A brief critical look at
Cannabis psychosis has been the subject of a great deal of interest by drug researcher, yet it is almost completely disregarded by millions who use drug regularly. Amit Basu offers a fresh look at the subject
'Psychology can never tell the truth about madness because it is madness that holds the truth of psychology.' Michel Foucault
The question of psychosis or 'madness' related to cannabis use is still being asked. The notion of 'cannabis psychosis' - the subject of voluminous works since its conception never ceases to make researchers inquisitive. In a recent study, Negrete has argued that the cannabis issue needs a high level of social and scientific interest. He also gives a brief account of the scientific writings on the subject:
'There were only eleven entries under the heading "Cannabis" in the 1966 edition of the Cummulate Index Medicus; but the numbers increased markedly in each subsequent year, to reach a peak of 386 publications in 1976. From 1977 onwards, however, the figures have been consistently lower, and the 1986 issue of the index contains 207 references. Just 132 of these are found in the 'Cannabis/Cannabinoid' sections, the remaining 75 having entered under the heading, Tetrahydrocannabinol. The latter heading . . . seldom addresses matters of public controversy, as they tend not to involve human subjects and are not based upon naturalistic observations.'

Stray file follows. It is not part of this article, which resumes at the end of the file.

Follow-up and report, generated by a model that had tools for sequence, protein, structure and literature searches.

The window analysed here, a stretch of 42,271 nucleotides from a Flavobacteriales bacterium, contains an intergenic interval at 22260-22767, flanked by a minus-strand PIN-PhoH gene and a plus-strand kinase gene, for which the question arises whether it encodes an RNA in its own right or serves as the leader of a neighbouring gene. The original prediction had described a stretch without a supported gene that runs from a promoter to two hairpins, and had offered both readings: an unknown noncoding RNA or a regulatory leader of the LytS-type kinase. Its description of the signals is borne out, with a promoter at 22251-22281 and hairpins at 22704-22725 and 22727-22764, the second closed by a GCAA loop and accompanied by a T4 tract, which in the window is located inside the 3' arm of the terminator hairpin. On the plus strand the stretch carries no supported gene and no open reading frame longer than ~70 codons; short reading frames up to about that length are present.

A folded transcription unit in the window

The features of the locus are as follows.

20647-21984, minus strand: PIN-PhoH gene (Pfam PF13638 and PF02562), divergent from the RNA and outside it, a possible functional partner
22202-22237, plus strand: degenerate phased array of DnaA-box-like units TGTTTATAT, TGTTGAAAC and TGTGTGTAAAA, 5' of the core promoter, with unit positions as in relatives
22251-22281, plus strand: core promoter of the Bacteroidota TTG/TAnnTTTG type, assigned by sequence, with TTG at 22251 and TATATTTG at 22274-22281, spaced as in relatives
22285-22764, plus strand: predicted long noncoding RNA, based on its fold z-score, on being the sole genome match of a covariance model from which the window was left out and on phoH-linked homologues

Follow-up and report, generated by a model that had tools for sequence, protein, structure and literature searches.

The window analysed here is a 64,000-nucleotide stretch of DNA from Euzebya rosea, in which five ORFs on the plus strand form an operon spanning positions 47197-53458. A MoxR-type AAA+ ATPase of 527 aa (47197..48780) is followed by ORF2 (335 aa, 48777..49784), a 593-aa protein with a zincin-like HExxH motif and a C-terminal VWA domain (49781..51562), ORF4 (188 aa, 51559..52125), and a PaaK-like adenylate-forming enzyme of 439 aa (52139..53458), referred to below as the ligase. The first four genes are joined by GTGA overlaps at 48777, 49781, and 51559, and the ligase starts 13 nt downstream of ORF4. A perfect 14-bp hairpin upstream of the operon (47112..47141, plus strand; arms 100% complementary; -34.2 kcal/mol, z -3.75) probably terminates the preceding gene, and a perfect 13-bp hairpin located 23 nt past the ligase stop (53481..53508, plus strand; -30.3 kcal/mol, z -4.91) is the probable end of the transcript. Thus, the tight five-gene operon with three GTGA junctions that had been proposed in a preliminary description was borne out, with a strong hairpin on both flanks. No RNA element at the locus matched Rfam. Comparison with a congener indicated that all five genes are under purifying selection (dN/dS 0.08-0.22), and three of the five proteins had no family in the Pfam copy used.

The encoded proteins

Though cannabis is the most widely used illegal drug throughout the world, the postfix 'psychosis' has made it somehow different from others. In other words it can be said that one of the major negative attributions to cannabis is the chance of 'becoming mad'.